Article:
Nathan Balasubramanian's Response to Assignment 8

Read Buxton, W. (2001) "Less is More (More or Less)." In P. J. Denning (Ed.), The Invisible Future — the seamless integration of technology in everyday life, McGraw-Hill, New York, pp. 145-179. available at:

Briefly discuss the following issues (articulate the answers in your own words) :

1.1 What did you find interesting about the article?

• Buxton’s argument that our social and behavioral, not technological, issues are the ones that are slowing down the progress of human kind

• Using the 6Ws (Who, What, Where, When, Why, & hoW) to articulate the importance of ability, usability, and intentionality in a human-centric world

• The truism of Kahn’s quote that thoughts differ from one room to another

1.2. What did you find not interesting about the article?

Nothing uninteresting.

2. what do you consider the main message of the article?

Successful design applications, like the Symbol Technologies’ ubiquitous Barcode Readers, although transparent, satisfy legitimate human wants and needs. Growing opportunities exist for “renaissance teams” to develop their expertise and insights to solve human/application centered problems.

3. Please comment on the following claim: “Despite the increasing reliance on technology in our society, in my view, the key to designing a different future is to focus less on technology and engineering, and far more on the humanities and the design arts.”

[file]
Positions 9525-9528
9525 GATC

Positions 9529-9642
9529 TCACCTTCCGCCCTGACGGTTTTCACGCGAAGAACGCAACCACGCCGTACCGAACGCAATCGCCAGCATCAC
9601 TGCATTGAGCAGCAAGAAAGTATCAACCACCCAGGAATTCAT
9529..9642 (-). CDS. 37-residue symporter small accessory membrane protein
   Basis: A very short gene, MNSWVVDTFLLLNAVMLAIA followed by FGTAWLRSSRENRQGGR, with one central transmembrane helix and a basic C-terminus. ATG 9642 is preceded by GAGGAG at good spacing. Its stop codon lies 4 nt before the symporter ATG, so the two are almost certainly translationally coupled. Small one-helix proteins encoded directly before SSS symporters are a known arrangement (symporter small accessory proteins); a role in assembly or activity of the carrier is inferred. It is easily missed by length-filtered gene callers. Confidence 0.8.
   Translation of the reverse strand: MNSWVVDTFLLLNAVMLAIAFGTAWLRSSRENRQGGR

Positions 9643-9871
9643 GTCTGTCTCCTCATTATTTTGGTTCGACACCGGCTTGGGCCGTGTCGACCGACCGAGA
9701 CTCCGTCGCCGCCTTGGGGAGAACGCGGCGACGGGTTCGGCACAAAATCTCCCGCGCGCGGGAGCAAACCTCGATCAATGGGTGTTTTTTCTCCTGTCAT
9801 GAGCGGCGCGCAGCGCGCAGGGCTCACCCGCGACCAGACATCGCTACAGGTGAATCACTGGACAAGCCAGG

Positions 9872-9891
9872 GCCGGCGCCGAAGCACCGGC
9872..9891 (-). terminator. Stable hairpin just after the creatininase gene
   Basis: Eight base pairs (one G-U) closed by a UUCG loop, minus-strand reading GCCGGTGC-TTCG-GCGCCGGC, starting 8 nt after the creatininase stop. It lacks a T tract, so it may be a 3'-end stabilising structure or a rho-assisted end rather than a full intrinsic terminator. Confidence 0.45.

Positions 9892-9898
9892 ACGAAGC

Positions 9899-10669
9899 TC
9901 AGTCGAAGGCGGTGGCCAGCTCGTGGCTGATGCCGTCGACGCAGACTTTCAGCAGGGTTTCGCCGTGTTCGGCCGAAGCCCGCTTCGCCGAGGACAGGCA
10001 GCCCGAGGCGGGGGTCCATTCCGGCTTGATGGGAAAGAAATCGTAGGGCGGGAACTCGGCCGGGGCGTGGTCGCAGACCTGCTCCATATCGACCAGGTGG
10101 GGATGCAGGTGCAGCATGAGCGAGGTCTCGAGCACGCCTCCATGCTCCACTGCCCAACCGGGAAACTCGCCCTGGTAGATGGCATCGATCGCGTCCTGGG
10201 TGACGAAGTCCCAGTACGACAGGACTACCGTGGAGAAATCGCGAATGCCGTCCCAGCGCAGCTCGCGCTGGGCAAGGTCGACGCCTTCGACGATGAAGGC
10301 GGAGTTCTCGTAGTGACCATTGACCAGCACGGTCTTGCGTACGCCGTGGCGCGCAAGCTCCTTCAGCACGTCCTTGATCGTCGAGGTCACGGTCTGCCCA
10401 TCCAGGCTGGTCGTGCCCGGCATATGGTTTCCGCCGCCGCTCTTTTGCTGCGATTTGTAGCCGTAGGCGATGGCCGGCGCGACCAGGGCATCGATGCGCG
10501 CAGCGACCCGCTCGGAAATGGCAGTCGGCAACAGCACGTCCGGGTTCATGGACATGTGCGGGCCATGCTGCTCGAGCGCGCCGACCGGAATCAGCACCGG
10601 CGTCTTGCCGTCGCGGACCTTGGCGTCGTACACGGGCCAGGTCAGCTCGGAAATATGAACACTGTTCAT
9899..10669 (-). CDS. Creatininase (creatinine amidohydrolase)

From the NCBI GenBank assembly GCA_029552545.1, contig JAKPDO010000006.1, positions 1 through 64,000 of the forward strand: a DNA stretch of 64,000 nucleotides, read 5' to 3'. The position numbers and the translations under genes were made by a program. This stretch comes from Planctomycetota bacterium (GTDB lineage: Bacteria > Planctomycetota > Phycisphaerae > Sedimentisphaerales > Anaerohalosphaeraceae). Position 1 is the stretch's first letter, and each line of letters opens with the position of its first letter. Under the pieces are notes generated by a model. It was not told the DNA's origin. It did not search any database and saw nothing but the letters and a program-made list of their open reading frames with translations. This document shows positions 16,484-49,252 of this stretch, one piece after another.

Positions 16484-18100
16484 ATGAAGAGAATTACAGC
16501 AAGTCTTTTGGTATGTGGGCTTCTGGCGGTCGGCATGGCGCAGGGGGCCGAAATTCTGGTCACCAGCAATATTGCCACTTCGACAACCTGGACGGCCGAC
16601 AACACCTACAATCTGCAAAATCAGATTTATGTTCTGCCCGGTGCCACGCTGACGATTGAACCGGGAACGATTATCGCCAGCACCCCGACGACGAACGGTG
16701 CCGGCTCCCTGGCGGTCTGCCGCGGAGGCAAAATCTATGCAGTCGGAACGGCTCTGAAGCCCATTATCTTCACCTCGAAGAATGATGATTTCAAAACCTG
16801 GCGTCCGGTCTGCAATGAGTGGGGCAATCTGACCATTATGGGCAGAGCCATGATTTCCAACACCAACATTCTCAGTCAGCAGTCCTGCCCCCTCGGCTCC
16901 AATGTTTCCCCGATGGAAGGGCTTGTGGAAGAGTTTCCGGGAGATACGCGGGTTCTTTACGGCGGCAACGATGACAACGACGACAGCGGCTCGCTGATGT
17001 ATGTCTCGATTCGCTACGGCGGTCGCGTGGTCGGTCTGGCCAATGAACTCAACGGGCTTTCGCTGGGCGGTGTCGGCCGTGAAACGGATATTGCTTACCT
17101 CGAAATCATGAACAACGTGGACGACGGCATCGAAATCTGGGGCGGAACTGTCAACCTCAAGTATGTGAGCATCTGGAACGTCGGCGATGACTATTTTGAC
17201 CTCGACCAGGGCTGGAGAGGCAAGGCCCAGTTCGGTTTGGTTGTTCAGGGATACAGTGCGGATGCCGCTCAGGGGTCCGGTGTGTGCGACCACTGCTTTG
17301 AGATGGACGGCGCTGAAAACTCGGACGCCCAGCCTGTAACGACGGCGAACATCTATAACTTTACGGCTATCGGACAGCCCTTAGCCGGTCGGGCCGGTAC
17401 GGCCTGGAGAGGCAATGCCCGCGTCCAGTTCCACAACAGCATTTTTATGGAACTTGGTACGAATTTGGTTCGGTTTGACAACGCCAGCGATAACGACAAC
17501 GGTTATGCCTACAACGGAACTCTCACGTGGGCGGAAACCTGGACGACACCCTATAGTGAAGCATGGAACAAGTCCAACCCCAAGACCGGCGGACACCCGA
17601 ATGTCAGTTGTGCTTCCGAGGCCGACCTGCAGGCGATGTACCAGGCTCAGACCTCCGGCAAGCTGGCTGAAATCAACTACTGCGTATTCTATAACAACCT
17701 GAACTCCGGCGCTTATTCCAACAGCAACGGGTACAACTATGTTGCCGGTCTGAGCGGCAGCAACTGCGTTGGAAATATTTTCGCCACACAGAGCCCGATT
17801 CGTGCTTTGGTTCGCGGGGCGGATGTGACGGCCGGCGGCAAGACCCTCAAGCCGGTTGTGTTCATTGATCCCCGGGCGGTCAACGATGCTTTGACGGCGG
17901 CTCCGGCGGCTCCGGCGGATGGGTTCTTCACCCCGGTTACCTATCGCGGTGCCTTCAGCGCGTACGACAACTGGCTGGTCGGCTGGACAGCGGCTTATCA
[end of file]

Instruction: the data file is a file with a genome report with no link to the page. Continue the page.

3.1. agree / disagree?

I disagree because an overwhelming majority of our population already downplays (or is afraid of) technology and engineering while glorifying the importance of art, for instance Americans for the Arts.

3.2. which are the personal consequences which you draw from this statement?

Binaries such as technology or the humanities, engineering or the design arts, only polarize society further and such discussions often become counterproductive to effective citizenship.

3.3. are the educational programs you are involved addressing this claim?

Not really.

4. Please comment on the following claim: “Given the much discussed constraints on human ability, how can we expect an individual to maintain the requisite specialist knowledge in their technological discipline, while at the same time have the needed competence in industrial design, sociology, anthropology, psychology, etc., which this essay implies are required to do one’s job?”

4.1. agree / disagree?

I agree that there is a need to pull our strengths and skill sets from the different disciplines to benefit human kind. Creating mediocre generalists or short-sighted specialists is not an option – as Buxton recommends, “Renaissance teams” are viable and necessary.

4.2. which are the personal consequences which you draw from this statement?

Despite Buxton’s observation that we won’t have many Renaissance men like Herb Simon, some fundamental guiding principles can help. Even as we seek utility, simplicity, and coherence in our creations, it would help to embrace Rogerian humane principles of genuineness, care, and empathy to bring out the best in all.

4.3. are the educational programs you are involved addressing this claim?


5. Do you feel that the “Design, Learning, and Collaboration” course addresses these two claims?

Yes, I think a deliberate attempt is being made to address these claims.

Nathan Balasubramanian